In Second Op-Ed, Levitt Reviews Evolution of Fault Apportionment Scheme in Illinois
In a follow-up to their initial op-ed calling for a change to the fault apportionment scheme in Illinois, Hinshaw partner David Levitt and Donald Eckler of Pretzel & Stouffer, review the historical evolution of fault apportionment in the state.
The authors describe a "collision of law and politics" that followed a 1981 decision by the Illinois Supreme Court to abandon the common law contributory negligence fault scheme.
In 1986, the Illinois legislature adopted a modified form of comparative negligence, in which the trier of fact could decide the defendants' percentage of fault by considering "fault attributable to the plaintiff, the defendants sued by the plaintiff, and any third-party defendant who could have been sued by the plaintiff." In 1995, the legislature eliminated joint and several liability and replaced it with a pure several liability scheme that was subsequently declared unconstitutional.
Since that decision, the authors describe a series of court decisions and legislative actions that have resulted in a scheme that leaves a minimally responsible defendant jointly and severally liable if a major at-fault party happens to be a dismissed or settled defendant, or is the plaintiff's employer.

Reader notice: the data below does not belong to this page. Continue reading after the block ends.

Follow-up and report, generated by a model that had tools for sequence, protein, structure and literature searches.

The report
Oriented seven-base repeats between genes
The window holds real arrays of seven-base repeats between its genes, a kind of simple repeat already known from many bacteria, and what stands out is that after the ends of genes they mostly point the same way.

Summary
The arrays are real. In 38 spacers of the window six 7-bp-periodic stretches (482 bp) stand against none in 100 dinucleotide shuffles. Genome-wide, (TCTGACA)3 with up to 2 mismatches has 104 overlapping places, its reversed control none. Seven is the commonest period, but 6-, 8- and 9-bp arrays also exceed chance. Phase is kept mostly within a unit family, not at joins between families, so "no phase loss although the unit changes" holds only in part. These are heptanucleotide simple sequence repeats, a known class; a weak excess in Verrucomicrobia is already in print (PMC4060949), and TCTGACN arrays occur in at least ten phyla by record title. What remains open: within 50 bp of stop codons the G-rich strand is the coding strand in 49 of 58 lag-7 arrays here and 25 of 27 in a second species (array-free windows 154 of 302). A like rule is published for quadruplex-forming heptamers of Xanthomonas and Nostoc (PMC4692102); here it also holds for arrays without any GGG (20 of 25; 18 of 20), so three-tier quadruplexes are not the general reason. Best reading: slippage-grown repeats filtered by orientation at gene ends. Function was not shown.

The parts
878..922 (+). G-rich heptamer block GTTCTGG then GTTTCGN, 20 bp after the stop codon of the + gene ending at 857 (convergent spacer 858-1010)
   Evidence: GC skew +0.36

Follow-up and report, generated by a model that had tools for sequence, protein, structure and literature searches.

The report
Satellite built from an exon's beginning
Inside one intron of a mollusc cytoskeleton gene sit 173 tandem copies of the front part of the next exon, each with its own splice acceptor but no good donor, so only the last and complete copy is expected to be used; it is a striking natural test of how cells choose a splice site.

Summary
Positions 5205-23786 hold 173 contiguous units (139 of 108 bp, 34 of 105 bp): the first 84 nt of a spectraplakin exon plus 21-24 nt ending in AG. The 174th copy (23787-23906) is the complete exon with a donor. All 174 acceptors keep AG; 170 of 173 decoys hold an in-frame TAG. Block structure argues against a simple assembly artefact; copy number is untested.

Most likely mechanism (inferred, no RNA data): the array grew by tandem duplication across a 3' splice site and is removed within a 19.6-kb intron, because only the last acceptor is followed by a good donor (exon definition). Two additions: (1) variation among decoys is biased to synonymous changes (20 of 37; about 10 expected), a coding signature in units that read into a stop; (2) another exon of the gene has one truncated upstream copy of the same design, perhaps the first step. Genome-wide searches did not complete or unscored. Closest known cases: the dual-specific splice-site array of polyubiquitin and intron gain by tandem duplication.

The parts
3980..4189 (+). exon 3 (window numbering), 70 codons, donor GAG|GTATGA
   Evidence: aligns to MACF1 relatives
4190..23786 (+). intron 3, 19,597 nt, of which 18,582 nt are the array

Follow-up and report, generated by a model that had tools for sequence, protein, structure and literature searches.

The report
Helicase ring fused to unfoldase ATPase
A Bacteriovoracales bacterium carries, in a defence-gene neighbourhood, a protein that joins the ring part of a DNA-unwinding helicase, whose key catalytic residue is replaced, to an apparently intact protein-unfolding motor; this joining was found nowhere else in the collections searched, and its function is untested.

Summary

The authors conclude that "[i]t hardly achieves the end of justice to have the jury evaluate fault without the presence, or the ability to even consider, all of the potentially at fault persons when assessing fault." To restore fairness to the civil justice system in Illinois, they argue that SB 3148 should be passed to return to the original intention of the 1986 modified comparative negligence scheme.
Read the full op-ed on the CDLB website (subscription required)
"State's fault scheme evolution shows collision of law, politics" was published by the Chicago Daily Law Bulletin, May 6, 2020.